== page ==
generates more efficient code but consumes more time to              Figure 7: TPC-DS 1000x Query and IUD Workload
produce. The second method has less optimized code but               with Online Expansion
requires less time to make compared to the first method.
Our experiment results in section 3.5 show that our cost
model picks the optimal choice between these two options                Next, we compare online expansion performance to show
for the two queries.                                                 the effect of scheduling the expansion order of tables in bar
                                                                     e and d. For simplicity, we only executed query workload
3.    EXPERIMENTAL RESULTS                                           (no IUD) during online expansion time. Bar d is the elapsed
                                                                     time for query workload during online expansion with ran-
  In this section, we present and discuss experimental re-
                                                                     dom scheduling which does the table redistribution in ran-
sults of our work in the four areas described in section 2.
                                                                     dom order. Smart scheduling (bar e) on the other hand
3.1    Online Expansion                                              orders the tables for redistribution according to the order
                                                                     of tables in the query workload. The smart order basically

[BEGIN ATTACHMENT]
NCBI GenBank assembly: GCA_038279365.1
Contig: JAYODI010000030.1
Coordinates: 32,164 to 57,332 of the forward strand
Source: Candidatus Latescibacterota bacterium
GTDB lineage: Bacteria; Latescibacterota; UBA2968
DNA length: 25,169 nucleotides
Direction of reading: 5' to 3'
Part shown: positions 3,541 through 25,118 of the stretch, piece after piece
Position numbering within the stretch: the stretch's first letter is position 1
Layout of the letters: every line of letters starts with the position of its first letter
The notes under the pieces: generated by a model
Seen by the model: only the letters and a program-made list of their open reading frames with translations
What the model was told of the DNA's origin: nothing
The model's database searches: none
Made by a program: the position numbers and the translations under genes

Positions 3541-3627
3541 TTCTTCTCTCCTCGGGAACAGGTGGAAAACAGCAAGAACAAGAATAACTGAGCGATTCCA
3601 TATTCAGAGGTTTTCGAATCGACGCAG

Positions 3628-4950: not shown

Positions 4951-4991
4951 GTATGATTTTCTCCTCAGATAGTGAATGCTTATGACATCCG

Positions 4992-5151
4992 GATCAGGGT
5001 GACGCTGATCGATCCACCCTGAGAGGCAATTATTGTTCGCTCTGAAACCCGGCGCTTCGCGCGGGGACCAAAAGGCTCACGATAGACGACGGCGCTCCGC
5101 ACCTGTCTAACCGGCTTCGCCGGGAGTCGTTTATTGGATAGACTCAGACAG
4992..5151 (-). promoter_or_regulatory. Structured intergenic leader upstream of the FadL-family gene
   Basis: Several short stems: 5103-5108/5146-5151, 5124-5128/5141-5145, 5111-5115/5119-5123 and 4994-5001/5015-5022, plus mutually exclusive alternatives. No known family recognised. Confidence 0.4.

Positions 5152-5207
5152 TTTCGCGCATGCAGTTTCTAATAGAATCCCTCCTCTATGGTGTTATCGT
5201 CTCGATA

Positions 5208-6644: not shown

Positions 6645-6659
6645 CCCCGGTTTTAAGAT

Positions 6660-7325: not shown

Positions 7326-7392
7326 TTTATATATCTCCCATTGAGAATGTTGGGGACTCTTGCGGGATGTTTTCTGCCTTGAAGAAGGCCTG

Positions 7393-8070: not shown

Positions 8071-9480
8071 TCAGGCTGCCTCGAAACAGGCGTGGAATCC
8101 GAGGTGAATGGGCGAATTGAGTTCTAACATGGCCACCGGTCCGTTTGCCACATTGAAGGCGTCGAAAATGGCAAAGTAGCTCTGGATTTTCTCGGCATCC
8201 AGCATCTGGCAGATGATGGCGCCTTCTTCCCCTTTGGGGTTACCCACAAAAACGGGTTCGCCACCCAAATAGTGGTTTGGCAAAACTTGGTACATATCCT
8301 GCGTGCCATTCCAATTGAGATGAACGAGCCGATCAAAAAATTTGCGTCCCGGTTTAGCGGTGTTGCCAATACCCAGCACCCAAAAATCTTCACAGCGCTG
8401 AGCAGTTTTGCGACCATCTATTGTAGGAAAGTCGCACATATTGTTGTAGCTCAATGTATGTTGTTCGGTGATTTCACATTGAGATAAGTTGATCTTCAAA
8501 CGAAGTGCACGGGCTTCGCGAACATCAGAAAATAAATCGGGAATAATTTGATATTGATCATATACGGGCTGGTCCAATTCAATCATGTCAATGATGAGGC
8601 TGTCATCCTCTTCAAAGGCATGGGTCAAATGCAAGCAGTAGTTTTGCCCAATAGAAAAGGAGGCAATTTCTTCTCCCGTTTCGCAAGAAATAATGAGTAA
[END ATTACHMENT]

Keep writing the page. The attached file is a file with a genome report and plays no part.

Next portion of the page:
Our online expansion tests start with a cluster of 3 phys-
                                                                     tried to minimize the interaction between the redistribution
ical machines, each of which has 516GB system memory,
                                                                     and workload to speed up both processes. Comparing the
Intel Xeon CPU E7-4890 v2 @ 2.80 Ghz with 120 cores, and
                                                                     result from e with that in bar d, a schedule considering the
SSD driver. The actual expansion tests add 3 more physical
                                                                     access pattern improves data redistribution performance by
machines with the same configuration. We thought OLAP
                                                                     roughly 2X, and improves the query performance by about
was more appropriate for our test and we decided to use
the TPC-DS in our test. We loaded the cluster with TPC-